11.0109 tenure & the fate of universities

Humanist Discussion Group (humanist@kcl.ac.uk)
Fri, 13 Jun 1997 20:24:18 +0100 (BST)

Humanist Discussion Group, Vol. 11, No. 109.
Centre for Computing in the Humanities, King's College London

[1] From: Hope Greenberg <hope.greenberg@uvm.edu> (16)
Subject: Tenure, Technology and Scolarly Futures

[2] From: Willard McCarty <Willard.McCarty@kcl.ac.uk> (39)
Subject: the fate of universities

Date: Fri, 13 Jun 1997 10:20:15 -0400
From: Hope Greenberg <hope.greenberg@uvm.edu>
Subject: Tenure, Technology and Scolarly Futures

The University of Vermont will be welcoming its new President, Dr.
Judith Ramaley, on July 1. A new president provides a perfect
opportunity to reexamine university practices. One of the concerns of
academics who are involved in technology, particularly those of us who
are in the humanities, is how creation and use of technological
resources is reflected in university policy related to promotion and

I would like to ask those of you who may have recently addressed this
issue how it was handled, what the results were, what (online)
documentation, if any, is available, and what advice you might offer.
Comments from those who wish their university would address this issue
are also welcome!

Thank you.

- Hope

[Please send all replies for which the author can afford to be known by
name directly to Humanist. Those who wish to remain anonymous but want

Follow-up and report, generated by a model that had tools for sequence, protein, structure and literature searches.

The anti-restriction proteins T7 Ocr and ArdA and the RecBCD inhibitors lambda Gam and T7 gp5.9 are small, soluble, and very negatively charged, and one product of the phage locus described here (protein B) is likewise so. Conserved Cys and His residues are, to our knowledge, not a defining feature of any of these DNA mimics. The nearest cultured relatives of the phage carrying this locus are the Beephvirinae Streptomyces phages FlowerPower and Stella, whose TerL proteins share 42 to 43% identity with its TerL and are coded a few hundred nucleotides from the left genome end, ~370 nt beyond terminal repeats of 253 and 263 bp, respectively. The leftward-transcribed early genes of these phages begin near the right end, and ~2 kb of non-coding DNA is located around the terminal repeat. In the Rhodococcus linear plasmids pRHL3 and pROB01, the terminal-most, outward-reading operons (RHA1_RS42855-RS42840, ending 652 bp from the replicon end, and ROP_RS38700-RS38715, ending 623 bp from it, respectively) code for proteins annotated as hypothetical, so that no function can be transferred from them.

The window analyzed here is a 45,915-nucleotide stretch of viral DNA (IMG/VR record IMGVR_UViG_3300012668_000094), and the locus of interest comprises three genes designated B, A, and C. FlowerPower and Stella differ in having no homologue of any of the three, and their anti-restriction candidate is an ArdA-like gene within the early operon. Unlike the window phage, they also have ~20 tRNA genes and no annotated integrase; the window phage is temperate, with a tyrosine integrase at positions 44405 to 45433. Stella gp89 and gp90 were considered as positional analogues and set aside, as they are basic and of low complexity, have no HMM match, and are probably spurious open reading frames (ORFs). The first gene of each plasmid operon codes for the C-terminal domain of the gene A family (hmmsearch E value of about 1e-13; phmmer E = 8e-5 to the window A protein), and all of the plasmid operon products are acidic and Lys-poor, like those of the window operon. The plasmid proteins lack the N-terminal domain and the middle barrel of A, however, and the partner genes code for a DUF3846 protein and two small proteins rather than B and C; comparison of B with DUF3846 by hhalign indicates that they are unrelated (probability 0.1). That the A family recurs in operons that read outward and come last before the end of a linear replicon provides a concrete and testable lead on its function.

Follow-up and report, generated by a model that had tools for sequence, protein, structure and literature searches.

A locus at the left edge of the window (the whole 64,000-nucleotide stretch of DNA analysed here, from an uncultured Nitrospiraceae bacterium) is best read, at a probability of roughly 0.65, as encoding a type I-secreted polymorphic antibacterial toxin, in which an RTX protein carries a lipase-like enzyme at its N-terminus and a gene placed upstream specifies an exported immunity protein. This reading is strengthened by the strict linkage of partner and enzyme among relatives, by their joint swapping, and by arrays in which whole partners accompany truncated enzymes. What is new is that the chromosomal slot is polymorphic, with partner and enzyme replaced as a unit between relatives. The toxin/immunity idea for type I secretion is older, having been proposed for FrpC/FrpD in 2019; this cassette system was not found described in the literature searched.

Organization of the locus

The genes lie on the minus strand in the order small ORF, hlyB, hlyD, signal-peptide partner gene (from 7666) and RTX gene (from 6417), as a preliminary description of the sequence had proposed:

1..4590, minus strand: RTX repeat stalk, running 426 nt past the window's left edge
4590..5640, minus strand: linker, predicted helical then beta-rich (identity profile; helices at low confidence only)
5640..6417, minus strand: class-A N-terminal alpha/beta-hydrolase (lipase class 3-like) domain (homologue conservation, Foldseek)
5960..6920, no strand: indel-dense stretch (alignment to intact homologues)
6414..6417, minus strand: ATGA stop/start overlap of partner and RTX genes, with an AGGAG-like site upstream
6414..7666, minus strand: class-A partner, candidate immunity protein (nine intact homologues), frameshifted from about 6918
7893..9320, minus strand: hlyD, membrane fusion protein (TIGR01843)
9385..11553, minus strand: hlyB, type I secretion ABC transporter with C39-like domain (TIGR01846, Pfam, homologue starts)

their views circulated may send messages to me so that I may quote them
anonymously. --WM]

Hope Greenberg Humanities Computing Specialist University of Vermont

Date: Fri, 13 Jun 1997 16:07:27 +0100 (BST)
From: Willard McCarty <Willard.McCarty@kcl.ac.uk>
Subject: the fate of universities

As we contemplate the course of humanities computing and how our
universities respond to changes in the sociology of knowledge, it is helpful
to keep an eye on the history of our academic institutions. Helpful in this
regard is Hilde de Ridder-Symoens, ed., <cite>A History of the University in
Europe</cite> (Cambridge), volume 2 of which, Universities in Early Modern
Europe (1500-1800), has just been reviewed in the TLS for 13 June 1997 (no.

In his article, "Academic distinctions: How competition blighted Europe's
universities", Alastair Hamilton notes in particular the decline of European
universities by the mid-eighteenth century: "their numbers were depleted,
their standards dropped, and most of them were strongly in need of the
reforms which would reinvigorate them in the nineteenth century." Hamilton
cites several reasons for the decline: (1) availability of qualified
teachers; (2) the failure of the universities to move with the times --
"unable to adapt to the inevitable glut they themselves had created"; but
primarily (3) their loss of the monopoly on scholarship and education. The
explosion of academic establishments after the Reformation, many of these
theological seminaries, provided stiff competition, but even more schools
sponsored by rulers for the benefit of a particular class or profession,
e.g. the Inns of Court in London, which resulted in "the loss of the
traditional legal faculties at Oxford and Cambridge". "As science advanced
in the eighteenth century and the universities were ever less able to meet
increasingly sophisticated demands, more and more scholars sought refuge in
the academies.... Many universities did what they could to keep up.... But
by and large they were overtaken, albeit only provisionally, by the numerous
competing institutions."

An object lesson for us here? See again the article in Thursday's Online
section of the Guardian by Keith Devlin, "University Challenge",
In the light of history, the threat would seem real.



Dr. Willard McCarty
Senior Lecturer, Centre for Computing in the Humanities
King's College London
London WC2R 2LS
+44 (0)171 873 2784 voice; 873 5081 fax